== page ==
When COVID-19 vaccines first started to be rolled out in Kenya, 65-year-old Violet Nakwaka, a resident of Nyalenda Slum, Kisumu, could not wait to get herself vaccinated. She quickly made arrangements and received her first dose of the jab in June 2021.

"I went for the jab because I belong to the group which is considered vulnerable to the virus as a result of my age. I also suffer from high blood pressure which may compromise my immunity should I get infected," she explains.

A ramping up of supplies from COVAX has helped, with 3.9 million doses now delivered to the country.

She says that before she was vaccinated, she was scared of interacting with people and always stayed indoors, only leaving the house when she had important errands to run.

"I am now glad that in case I contract the virus, it will probably not have much effect on me,” she says, adding that she still abides by the COVID-19 safety measures: wearing a face mask, social distancing and keeping away from crowded places.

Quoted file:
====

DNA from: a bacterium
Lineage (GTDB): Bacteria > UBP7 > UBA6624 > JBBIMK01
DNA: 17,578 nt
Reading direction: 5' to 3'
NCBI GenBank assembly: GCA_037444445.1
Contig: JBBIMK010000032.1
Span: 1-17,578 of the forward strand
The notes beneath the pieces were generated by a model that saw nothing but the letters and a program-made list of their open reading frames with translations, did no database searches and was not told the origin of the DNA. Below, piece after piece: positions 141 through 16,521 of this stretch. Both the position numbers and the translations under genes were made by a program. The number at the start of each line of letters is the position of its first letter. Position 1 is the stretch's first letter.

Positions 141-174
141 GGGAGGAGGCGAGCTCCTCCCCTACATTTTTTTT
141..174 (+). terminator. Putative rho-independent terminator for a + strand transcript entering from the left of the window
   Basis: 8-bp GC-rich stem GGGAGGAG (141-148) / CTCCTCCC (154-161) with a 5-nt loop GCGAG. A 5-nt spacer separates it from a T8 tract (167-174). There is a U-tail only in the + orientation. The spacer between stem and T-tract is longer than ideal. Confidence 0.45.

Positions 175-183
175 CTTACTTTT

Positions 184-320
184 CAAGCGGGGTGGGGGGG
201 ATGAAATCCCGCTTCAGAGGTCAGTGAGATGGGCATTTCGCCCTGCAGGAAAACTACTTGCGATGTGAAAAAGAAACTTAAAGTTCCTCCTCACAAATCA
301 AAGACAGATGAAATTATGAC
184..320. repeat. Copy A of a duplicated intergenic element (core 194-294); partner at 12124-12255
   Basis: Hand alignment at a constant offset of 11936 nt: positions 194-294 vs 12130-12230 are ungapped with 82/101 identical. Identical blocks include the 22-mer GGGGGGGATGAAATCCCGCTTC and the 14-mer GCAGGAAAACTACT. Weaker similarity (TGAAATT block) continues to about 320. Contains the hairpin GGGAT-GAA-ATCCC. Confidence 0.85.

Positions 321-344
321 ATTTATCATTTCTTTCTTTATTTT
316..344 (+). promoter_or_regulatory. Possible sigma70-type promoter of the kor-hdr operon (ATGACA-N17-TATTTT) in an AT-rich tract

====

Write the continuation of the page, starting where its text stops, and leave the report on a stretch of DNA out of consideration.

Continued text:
“It is time people stopped shying away from the vaccine. It works just like the polio and measles vaccines we received during childhood,” she says.

Initially there was low vaccination turnout in the county due to misinformation and the unavailability of the vaccine in most hospitals. It was also costly for people to travel. Some residents needed to journey to Ahero hospital, which cost 200 Kenyan shillings (US$ 2), to get vaccinated. Considering many had lost their homes during the floods earlier this year and were living in camps, dependent on the goodwill of others, this cost was prohibitive.

The area sub-chief, Mr Jacob Ong'udi did, however, confirm that thanks to the efforts of the county government currently an eighth of the total population has been vaccinated. 

"The county, in partnership with the Ministry of Health, had the vaccine brought to the neighbouring school where a number of residents and I were vaccinated," he says. 

He further adds that a number of residents are also eager to have the vaccine and are currently waiting for outreach efforts to have the jab brought closer to them.

According to the County Health Director Mr Frederick Oluoch, there has been increased demand for the vaccine, which has been made available in 34 centres within the county. A ramping up of supplies from COVAX has helped, with 3.9 million doses now delivered to the country.

"We are also doing regular outreach in the villages and slums to have those who cannot visit the health centres vaccinated," he adds.

TOPICS: Country storiesCOVID-19COVAX

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